and with an automotive, which is very similar to real estate, you've got these huge, uh, automotive companies like AutoNation that. Uh, run franchises of, uh, you know, of car dealerships and dealers that work with them and regional managers. And CarMax is another big one. And then you've got, you know, car sellers and car buyers. And there's a model where majority of the car selling goes, doesn't go peer to peer, but goes through dealers and dealers control a lot of that transaction flow.

Um, and there are a lot of problems that each side of those, like every side of those markets and those, uh, kind of, you know, multi multi sided marketplaces have that, [00:26:00] um, causes a lot of tension and a lot of problems in terms of. Transparency and what's happening and how things work that prevent people from, you know, working efficiently.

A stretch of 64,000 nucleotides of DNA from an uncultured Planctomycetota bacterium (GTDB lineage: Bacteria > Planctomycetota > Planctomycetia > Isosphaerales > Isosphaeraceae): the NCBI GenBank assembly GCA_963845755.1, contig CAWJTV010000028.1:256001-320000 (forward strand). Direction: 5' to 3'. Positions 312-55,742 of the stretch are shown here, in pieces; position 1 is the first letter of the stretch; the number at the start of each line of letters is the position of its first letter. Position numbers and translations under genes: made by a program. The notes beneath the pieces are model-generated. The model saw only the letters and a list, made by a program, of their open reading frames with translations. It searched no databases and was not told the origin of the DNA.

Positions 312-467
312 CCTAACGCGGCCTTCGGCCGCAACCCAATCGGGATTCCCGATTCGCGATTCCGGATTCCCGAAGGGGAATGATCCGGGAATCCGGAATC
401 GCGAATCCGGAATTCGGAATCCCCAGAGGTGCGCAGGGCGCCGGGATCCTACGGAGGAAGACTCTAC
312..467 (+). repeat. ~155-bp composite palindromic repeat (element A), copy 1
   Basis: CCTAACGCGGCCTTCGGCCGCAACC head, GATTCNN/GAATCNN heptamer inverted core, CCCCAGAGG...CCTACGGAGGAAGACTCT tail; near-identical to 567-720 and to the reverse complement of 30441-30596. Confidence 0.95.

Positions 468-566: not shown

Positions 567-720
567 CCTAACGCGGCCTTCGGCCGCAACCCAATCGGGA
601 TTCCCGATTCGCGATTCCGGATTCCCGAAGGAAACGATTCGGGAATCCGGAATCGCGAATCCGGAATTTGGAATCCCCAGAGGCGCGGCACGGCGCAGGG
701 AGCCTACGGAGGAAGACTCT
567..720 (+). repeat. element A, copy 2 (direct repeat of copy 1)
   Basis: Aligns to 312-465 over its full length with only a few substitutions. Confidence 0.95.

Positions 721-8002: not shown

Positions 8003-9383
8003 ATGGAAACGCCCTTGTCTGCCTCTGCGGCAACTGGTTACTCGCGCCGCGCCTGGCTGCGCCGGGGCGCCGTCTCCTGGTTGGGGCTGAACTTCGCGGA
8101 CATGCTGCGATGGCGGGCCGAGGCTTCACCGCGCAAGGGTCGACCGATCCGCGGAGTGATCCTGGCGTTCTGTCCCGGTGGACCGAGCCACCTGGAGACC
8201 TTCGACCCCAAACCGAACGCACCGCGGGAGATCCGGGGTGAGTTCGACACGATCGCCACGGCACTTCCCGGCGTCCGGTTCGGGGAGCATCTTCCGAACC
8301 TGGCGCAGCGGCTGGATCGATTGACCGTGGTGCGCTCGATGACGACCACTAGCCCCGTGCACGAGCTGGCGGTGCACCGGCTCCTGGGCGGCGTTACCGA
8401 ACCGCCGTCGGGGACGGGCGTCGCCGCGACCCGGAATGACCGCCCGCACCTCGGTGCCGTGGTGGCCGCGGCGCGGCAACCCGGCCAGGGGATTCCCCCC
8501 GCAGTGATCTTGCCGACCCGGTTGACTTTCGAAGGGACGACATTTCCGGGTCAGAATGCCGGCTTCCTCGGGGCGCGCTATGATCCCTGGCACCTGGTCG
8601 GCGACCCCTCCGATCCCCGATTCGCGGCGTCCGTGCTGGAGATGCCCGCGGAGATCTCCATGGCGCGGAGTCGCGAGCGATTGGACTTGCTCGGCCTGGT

And I think when you talk to like someone like Rich Barton, who's helped start a lot of these marketplaces, he's, you know, Expedia founder, Zillow founder, Glassdoor founder, his, you know, his. Uh, rallying cries, you know, shining light on the dark hidden places of, of these markets where there's a lot of inefficiency and confusion and giving clarity to everyone so that they can just do the trend, you know, do the transactions and be happy with how things work.

Um, so to me, like when I see those setups and I look at golf, golf is again, very similar, you've got these big management companies and some independent golf courses. Management companies that, that manage a lot of courses that are operating things and ideally want all of their customers only to go to their, their [00:27:00] courses.